Monday, July 09, 2007

How to Make Love Work

To those who read this regularly, you know that I am not by nature a social person. As they say, however; opposites attract, and Jesse is very social. He loves groups of people, parties and everything that goes with it. Because of my RA, we've spent much of the last couple of years hibernating at home. We don't go out; we don't see friends; they don't come over, etc. It's been hard on Jesse, but with the move to the new house, and my conscious decision to stop waiting for the RA to go away and start living life in spite of it, we are making strides to be out and about again. We've suddenly uncovered friends we haven't really talked to much for awhile. I'm letting Jesse plan our social schedule, and the summer is filling up quickly. This Friday we're going to a couple's apartment to hang out and play board games. Saturday we have a housewarming party in the afternoon and a 50th wedding anniversary in the evening. Sunday we're going to church with his cousins and then out for brunch. After all of this socialization, I will be retreating to my house, locking the doors and hiding from the world to recharge my batteries.

How to Make Love Work
by Michelle McKinney Hammond is a fun, enjoyable book about love from dating all the way through marriage. It's written tongue-in-cheek as a technical manual, so there are references to the Manufacturer (God) and the Manufacturer's Manual (Bible) along with other humorous tidbits throughout the book. But for its fun writing style, the book is filled with fantastic tips on how to improve your relationships. Hammond starts with getting yourself right before entering into a relationship, moves on to how to pick the right Man, continues through engagement and the wedding and finally into marriage. The tips for dating are on the money, but as a married woman, I especially enjoyed the sections on marriage. She uses the gifts of the spirit from Galatians and the Love guide from 1 Corinthians 13 to detail how each person needs to be in a relationship for it to work. The book is geared toward women, but there is a lot that a man could benefit from reading as well. I've been memorizing several of the verses she included, and I've been using the tips as well. Occasionally the humorous "manual" speak falls a little flat, but that's a small point on an otherwise fabulous book. Hammond has an enormous amount of wisdom to share, and this book exemplifies it. I'm giving this book to an engaged friend of mine to read next.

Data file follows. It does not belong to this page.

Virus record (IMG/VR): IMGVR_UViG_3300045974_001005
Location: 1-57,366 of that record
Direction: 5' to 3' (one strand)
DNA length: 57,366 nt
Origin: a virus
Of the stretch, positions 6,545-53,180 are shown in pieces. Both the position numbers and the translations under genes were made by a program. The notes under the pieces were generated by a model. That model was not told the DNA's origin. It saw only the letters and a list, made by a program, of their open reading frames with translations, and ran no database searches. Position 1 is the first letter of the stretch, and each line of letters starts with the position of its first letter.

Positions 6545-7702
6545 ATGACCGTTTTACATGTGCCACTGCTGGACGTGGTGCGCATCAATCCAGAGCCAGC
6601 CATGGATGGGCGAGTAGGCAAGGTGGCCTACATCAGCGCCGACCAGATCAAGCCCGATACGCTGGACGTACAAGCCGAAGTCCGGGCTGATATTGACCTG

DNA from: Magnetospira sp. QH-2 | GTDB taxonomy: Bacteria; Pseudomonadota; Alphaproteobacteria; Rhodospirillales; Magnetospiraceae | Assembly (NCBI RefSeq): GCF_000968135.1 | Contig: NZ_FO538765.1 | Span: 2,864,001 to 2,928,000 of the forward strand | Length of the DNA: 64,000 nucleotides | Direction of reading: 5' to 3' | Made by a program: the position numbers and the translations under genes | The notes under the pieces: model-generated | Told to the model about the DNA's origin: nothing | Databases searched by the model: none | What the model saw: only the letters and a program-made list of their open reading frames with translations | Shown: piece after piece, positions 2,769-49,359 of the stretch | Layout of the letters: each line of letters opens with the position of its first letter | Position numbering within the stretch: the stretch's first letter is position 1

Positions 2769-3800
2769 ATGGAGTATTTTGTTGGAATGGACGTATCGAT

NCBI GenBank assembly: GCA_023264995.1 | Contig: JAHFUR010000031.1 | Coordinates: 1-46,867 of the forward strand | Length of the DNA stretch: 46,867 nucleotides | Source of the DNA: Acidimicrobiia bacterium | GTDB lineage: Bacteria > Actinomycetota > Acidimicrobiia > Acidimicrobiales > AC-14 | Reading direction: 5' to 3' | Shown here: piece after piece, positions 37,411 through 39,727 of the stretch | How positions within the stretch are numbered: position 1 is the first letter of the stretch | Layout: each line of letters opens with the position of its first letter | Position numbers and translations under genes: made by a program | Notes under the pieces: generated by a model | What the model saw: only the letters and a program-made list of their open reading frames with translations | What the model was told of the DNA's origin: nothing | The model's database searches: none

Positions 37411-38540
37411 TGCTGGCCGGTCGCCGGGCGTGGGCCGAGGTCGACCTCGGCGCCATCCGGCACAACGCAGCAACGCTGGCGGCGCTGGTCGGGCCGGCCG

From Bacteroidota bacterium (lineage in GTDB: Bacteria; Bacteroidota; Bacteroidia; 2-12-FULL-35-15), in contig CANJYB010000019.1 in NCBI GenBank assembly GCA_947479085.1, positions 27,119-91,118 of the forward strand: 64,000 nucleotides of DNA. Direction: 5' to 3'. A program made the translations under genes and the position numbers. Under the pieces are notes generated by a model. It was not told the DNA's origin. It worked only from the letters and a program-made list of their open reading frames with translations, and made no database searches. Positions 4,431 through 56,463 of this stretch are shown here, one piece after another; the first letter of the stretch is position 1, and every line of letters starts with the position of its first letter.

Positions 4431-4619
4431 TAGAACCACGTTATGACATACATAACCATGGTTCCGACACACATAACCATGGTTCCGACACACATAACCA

The last few weeks have been tough ones. I'm not handling the weaning off of prednisone well, and the pain has been getting me down. I get so frustrated when I'm not able to do all of the things that I want to, and I end up feeling like a failure. I pushed myself all of last week and ended up in bed for most of yesterday. (Doctor just called: he upped my prednisone intake to 10 mg and gave me a new prescription for vicodin) Sometimes I just want to throw my hands up in the air and scream to God that this is NOT the life I had planned. But then I remember all of the blessings in my life that I never would have thought of asking for, and I know that I wouldn't change it. I just pray that the doctor can find the right dosage and mixture of medicines that will let me function well. And a day without pain would be wonderful too.

Today's picture of of Mia on her path. Mom and Jeff planted some flowers in a wild area in their yard. They have several acres with a path mowed around the perimeter. Mia picked this wooded alcove for her own, so Jeff painted a sign saying "Mia's Path", and she couldn't be prouder.